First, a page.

By Patrick Francis
The current controversy in the right to farm debate over what constitutes “intensive” livestock farming is remarkable for the narrow or silo thinking displayed by negatively affected farmers as well local governments banning so called intensive businesses. It seems the councilors making decisions want or need strict definitions about what “intensive” means while some pasture farmers want unrestricted opportunity to livestock farming methods on their own land.
Neither party is being realistic. Livestock farming intensity is a relative term which should not be categorized by the percentage of daily feed intake which an animal eats. What is important about intensity are the outcomes associated with livestock health and welfare, outcomes for ecosystem functions across the farm concerned, and issues with feeding logistics and transport in the vicinity of the farm.
When viewed from this perspective, intensity fades into the background, while real issues relating to animal welfare, animal performance, environmental health across the farm, and consideration for others living nearby come to the fore.
By concentrating on definitions of intensive livestock feeding to make decisions about the appropriateness of a particular farming business, councilors lose sight of the issues which really matter across all farms irrespective of how intensive each one manages its livestock.
The evidence is also clear that across the agricultural zones of Australia, livestock farmers who don’t understand or appreciate animal health and welfare and ecosystem function, irrespective of production intensity, operate their businesses below best practice standards, in other words at different times of the year, livestock health and welfare is compromised and ecosystem functions degraded. Fortunately the percentage of farmers involved with negative outcomes is declining, particularly in the professional farm sector associated with cropping and livestock businesses.
That’s a result of increased emphasis on landcare and greater understanding that healthy soils and healthy pastures mean healthy animals, increased livestock productivity and greater consumer demand. Increased production of certified organic meats, and growing farmer participation in grass fed certified branded meat programs like Great Southern, Angus Pure and Cape Grim demonstrate this trend.
The same cannot be said in the lifestyle or part-time farming sector, which now compromises approximately 55% of Australia’s livestock farmers (ABS data defines a farmer as a person earing in excess of $5000 per year from livestock or crop sales). In this sector land degradation and animal welfare issues are not uncommon and are often associated with extensive livestock grazing, figure 1.
Figure 1: Land degradation and offsite impacts occurs in extensive livestock production when best management practice is not understood. Photos Patrick Francis.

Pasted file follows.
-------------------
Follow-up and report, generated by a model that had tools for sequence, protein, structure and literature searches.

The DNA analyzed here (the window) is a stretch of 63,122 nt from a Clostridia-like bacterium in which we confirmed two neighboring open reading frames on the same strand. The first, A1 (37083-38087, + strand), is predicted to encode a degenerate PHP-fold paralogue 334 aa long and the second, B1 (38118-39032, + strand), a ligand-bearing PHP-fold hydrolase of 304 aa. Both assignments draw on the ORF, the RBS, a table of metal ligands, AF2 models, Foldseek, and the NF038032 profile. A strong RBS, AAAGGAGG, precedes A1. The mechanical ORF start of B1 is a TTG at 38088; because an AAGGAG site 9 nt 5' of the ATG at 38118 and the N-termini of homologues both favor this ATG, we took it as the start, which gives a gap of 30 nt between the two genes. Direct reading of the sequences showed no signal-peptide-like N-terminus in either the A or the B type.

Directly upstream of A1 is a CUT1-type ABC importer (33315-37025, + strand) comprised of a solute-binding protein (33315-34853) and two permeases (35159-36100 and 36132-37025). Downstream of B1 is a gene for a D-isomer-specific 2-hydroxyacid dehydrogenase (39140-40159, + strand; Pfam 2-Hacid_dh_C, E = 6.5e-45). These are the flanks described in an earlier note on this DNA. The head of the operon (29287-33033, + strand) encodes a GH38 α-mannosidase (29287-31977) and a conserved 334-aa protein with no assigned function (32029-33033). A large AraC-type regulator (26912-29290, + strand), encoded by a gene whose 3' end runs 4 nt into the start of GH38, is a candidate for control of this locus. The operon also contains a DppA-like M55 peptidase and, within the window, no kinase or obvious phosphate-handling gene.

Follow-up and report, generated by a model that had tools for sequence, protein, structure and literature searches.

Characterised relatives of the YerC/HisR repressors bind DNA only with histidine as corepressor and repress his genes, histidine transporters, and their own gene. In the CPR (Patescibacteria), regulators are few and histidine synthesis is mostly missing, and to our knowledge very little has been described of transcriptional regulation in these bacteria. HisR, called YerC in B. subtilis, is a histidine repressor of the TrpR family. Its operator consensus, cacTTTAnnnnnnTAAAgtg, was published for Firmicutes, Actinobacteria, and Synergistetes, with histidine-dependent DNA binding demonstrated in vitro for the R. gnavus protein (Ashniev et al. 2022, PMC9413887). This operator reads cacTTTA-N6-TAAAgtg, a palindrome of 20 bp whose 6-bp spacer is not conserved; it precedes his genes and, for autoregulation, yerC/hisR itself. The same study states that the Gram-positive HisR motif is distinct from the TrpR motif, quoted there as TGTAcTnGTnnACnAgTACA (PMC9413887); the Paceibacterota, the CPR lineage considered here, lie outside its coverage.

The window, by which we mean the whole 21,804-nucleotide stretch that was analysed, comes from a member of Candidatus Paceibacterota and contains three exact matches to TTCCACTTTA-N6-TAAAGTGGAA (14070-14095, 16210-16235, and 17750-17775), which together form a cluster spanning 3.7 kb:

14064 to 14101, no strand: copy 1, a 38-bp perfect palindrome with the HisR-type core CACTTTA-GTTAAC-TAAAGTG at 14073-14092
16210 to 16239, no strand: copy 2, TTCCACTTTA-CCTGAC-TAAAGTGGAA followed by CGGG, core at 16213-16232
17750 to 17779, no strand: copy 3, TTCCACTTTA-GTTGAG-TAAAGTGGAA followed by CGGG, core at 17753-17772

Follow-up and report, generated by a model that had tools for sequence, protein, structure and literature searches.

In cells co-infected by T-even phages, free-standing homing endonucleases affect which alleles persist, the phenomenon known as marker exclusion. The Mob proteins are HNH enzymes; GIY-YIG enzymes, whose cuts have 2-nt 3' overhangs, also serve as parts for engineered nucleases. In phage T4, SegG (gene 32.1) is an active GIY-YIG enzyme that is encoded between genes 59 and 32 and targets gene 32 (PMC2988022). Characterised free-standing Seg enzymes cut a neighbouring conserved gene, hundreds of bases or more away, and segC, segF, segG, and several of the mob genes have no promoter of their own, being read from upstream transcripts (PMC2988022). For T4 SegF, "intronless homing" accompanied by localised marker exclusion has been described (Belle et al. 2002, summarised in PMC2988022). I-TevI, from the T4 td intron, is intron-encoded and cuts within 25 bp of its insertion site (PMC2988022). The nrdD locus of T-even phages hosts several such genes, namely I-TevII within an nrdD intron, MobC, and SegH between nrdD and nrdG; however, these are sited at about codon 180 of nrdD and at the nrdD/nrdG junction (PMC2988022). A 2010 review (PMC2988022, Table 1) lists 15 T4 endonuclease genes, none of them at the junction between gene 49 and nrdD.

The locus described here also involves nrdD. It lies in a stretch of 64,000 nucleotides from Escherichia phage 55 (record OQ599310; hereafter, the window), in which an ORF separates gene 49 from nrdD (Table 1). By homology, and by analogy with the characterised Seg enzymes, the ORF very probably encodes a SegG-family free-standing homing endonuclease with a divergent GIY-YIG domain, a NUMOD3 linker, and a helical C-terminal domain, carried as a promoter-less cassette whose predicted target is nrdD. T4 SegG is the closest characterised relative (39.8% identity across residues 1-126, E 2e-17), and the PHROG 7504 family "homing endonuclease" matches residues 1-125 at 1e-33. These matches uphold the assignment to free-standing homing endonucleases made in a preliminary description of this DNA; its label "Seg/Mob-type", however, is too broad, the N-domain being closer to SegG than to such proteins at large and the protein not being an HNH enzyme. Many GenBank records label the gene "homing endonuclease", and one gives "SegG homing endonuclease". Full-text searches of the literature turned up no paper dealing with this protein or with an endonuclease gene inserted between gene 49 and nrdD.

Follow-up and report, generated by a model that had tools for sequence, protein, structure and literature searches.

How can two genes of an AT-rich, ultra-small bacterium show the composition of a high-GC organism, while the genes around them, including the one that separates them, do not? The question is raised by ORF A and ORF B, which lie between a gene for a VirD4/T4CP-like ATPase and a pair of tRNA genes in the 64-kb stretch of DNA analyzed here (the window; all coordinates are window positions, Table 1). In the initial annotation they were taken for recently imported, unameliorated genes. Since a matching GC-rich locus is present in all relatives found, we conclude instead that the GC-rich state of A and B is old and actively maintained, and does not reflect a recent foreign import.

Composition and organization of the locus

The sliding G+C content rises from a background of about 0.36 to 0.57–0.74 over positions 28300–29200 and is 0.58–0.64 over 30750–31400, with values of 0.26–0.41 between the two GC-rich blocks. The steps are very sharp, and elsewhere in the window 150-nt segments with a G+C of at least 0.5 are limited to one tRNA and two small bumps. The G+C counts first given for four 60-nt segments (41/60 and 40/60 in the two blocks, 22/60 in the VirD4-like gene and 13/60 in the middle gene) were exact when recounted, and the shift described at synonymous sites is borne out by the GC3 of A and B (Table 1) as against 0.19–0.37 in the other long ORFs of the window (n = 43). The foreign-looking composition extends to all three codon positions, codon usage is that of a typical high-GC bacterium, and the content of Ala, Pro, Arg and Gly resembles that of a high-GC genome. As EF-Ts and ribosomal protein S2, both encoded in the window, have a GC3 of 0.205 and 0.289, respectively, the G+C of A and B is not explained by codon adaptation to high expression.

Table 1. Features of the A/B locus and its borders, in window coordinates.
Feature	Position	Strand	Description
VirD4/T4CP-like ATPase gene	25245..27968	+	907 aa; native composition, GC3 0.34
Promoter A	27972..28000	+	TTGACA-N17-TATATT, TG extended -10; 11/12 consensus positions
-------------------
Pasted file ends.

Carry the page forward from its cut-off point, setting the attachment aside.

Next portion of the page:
Before making decisions about the appropriateness of higher intensity livestock farming, which in effect means providing animals with feed for maintenance and production above that obtained from grazing pasture, councilors would do well to examine some key facts about livestock agriculture. These include:
- Best practice grazing ensures paddock stocking rate always matches paddock carrying capacity, irrespective of monthly rainfall.
- Best practice grazing always ensures ecosystem function across paddocks is maintained and improving irrespective of monthly rainfall.
If these two points are adhered to then stocking density or intensity will not compromise animal welfare and health or the paddocks ecosystem functions. The latter requires that paddocks will:
- Have 100% soil cover with a combination of plant crowns and plant litter all year.
- Pastures will have a 50% or more content of perennial plants.
- Livestock will start grazing a paddock when herbage content is in excess of 2000 kg dry matter per hectare and will stop grazing and exit the paddock when pasture is eaten down to 1200 kg dry matter per hectare.
Adhering to these conditions allows for a wide spectrum of grazing intensity and livestock types to run on a farm, but each must be managed accordingly to achieve the acceptable outcomes. The challenge for those farming different livestock at different intensities is to manage their animals appropriately to meet these conditions and demonstrate in a transparent and credible way what outcomes are happening.
If they can’t do this then they need to adopt a different approach to ensure unacceptable outcomes are not imposed on neighbours, the local community and the local environment. It’s why a point is reached with pasture farming when too many animals of any species are inappropriate and housing or feedlots are introduced. And with these come specific regulations to ensure animal welfare and the environment are protected.
Tipping point for pastures
There is always a tipping point with livestock density, when pasture production can no longer maintain carrying capacity, animal welfare and ecosystem function. In other words the livestock become part of the degrading processes. That’s when farmers wishing to intensify need to introduce additional methodologies to support paddock ecosystem function.
The reality is farmers who intensify livestock production reach a point when they cannot have their “natural” methodology cake and eat it to. The intensification brings with it animal productivity and usually eating quality advantages, but losses out to some degree on being “natural” and/or “free range”.